Two Standardbreds are dead in NY:

10-year-old Tug River Dylan “collapsed and died on the track” (Gaming Commission) after the 1st race Sunday afternoon at Saratoga Raceway. “Possible cardiac event,” they’re calling it. Trainer, Normand Dessureault; driver, Stephane Bouchard.

12-year-old Hypnotist went down in the 3rd last Thursday night at Yonkers. All the Commission has to say on this one is the ever laughable “investigation continues.” Trainer, Kimberly Asher; driver, Larry Stalbaum.


Horseracing kills horses – every day, scores over the course of a year. For an industry whose long-term economic outlook is ominous (see recent Newsweek piece “Horse Racing Fading in Revenue, Popularity”), this simple fact should in time help sound Racing’s death knell. It’s why I do what I do (focus on the day-to-day killing).

Mostly, and understandably so, Racing people avoid dead-horse talk at all costs. When addressed, it’s usually within the context of some supposedly positive “trend” – “catastrophic-injury rate down on turf surfaces in April…” Ludicrous, of course, but it can and does get worse. In a WDRB (Kentucky) article on the previously exposed “Equine Injury Database,” owner Ken Ramsey attempts to dismiss the killing thus: “I hate to have to say it, but any time that you race any kind of an animal or a human being – anything, basketball players, football players – you’re always going to get some injuries. Just try to keep it to a minimum the best you can.”

Well, Mr. Ramsey, let’s review some fundamental facts (again). First, and how sad that this needs repeating, human athletes willingly participate in sport; horses, as owned things, do not – can’t ever. Second, injuries are one thing, deaths in the arena an entirely other matter. Major League Baseball: one death (from a beaning) in 140 years. The National Football League: one death (from advanced arteriosclerosis) in 96 years. The National Basketball Association: zero deaths in 70 years. According to my data, roughly 2,000 horses died on U.S. tracks last year alone. Insanity.

Then this from horseracing “fan” Nicole Meiner (speaking on Shore Runner’s breakdown last October): “…the worst that I ever saw happen live… As a fan, it’s difficult to talk about. Although some extremist groups would try to say we don’t care about the animals, it’s hard to see a horse go down… Fans of the sport ARE fans of the animals, and we care about their well being.”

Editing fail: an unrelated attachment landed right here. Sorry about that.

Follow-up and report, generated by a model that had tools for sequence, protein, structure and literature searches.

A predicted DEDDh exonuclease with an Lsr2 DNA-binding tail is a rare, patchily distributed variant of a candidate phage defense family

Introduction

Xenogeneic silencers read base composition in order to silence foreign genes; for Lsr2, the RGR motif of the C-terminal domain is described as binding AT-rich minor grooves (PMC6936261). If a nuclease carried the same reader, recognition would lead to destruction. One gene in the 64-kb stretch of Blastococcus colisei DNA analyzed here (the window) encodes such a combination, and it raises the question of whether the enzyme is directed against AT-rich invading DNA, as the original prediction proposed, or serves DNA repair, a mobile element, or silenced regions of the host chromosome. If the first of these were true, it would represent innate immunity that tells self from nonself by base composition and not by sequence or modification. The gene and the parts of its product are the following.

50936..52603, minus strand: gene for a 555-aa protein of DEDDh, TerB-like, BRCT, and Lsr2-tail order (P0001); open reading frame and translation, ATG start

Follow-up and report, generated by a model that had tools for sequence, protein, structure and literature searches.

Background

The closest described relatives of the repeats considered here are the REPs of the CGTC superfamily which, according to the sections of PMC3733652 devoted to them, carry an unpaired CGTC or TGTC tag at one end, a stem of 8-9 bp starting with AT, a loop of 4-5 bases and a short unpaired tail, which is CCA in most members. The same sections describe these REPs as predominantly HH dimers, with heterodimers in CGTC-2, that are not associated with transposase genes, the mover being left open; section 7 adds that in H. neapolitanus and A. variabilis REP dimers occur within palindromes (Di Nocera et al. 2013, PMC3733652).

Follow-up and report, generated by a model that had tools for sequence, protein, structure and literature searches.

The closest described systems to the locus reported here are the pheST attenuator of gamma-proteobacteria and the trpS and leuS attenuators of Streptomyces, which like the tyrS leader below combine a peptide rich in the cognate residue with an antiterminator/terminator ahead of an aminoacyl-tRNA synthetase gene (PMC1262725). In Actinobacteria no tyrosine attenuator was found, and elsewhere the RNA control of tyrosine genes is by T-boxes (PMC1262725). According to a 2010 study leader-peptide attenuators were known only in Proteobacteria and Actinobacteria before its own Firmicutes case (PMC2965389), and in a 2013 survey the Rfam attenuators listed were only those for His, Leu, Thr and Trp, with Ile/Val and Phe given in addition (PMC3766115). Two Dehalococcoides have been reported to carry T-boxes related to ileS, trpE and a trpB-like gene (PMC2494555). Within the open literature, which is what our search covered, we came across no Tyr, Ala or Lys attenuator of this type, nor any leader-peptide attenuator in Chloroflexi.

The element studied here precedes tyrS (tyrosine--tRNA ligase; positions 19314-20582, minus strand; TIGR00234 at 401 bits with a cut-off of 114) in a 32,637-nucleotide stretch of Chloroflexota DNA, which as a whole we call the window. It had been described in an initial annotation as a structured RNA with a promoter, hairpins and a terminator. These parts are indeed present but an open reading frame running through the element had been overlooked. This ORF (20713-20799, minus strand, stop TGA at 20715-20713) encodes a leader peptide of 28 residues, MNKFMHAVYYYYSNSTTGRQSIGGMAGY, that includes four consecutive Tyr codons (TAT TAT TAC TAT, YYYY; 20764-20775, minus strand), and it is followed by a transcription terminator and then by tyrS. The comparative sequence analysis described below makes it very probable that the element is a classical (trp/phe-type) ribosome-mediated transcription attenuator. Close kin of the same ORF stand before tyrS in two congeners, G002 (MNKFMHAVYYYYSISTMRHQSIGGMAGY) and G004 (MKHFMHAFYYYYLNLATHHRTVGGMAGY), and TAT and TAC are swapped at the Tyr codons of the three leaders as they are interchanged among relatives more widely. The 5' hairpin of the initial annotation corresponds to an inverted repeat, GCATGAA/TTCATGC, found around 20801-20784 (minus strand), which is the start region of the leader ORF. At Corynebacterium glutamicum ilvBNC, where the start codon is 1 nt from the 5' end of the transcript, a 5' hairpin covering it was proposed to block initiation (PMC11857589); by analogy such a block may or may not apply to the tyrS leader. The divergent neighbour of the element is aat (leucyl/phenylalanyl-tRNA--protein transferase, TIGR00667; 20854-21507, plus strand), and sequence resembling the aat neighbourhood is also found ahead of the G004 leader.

First, as former Woodbine CEO David Willmot once readily admitted, there’s basically no such thing as racing “fans,” just racing gamblers. As for the rest, how exactly does one reconcile “difficult to talk about/hard to see” with “Winner’s Circle” photos in the wake of a dying/dead horse back on the track? How is it that while bad weather may cut a card short, death on the field does not? “We care,” they say, yet their fallen “athletes” don’t even rate a perfunctory moment of silence. In a word, rubbish.

Fact is, Ms. Meiner, those truly distressed by seeing (hearing) a racehorse snap a leg don’t come back for more. Fact is, Ms. Meiner, but for “fans of the sport (much like yourself),” there would be no Shore Runners. Fact is, Ms. Meiner, you can love horseracing; you can love horses – but you can’t love them both.

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4-year-old Financial, May 5 (his birthday) at Golden Gate – “had puncture wound that turned into an infection and was euthanized at trainer’s barn” (Stewards Minutes).

8-year-old Big Time Rocks, yesterday at Buffalo Raceway – “horse reared in stall – hit head – died” (Gaming Commission).

The above are what the industry refers to as “non-racing” deaths. “Non-racing,” implying “our hands are clean.” Well, they’re not. While they may not have been killed in action, this still-very-much-active pair (Financial raced twice this year; Big Time scratched from yesterday’s 11th) most certainly went down in the line of duty. They are, in fact, no less casualties of this wicked business than the ones on my KIA lists.

This is horseracing.

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The Associated Press reports that a pair of 2-year-olds are dead after colliding and going “over the rail” during a race Saturday at the Stanley Country Fairgrounds (South Dakota). Dying, horrifically, in the same race is not all By Mistake and Bhr Flash and Fly shared, however: Both were born on April 29, 2014; both made their racing debuts at that same track on April 30 – a mere seven days prior to their death runs.

Incidentally, the chart on this one offered not one hint as to what befell these equine babes. The complete note for each: “lost rider.” Imagine – two horses collide, go over the rail, break legs, are euthanized – probably where they lay – and all the chartwriter has to say on the matter is “lost rider.” They don’t care, folks. They simply don’t care.

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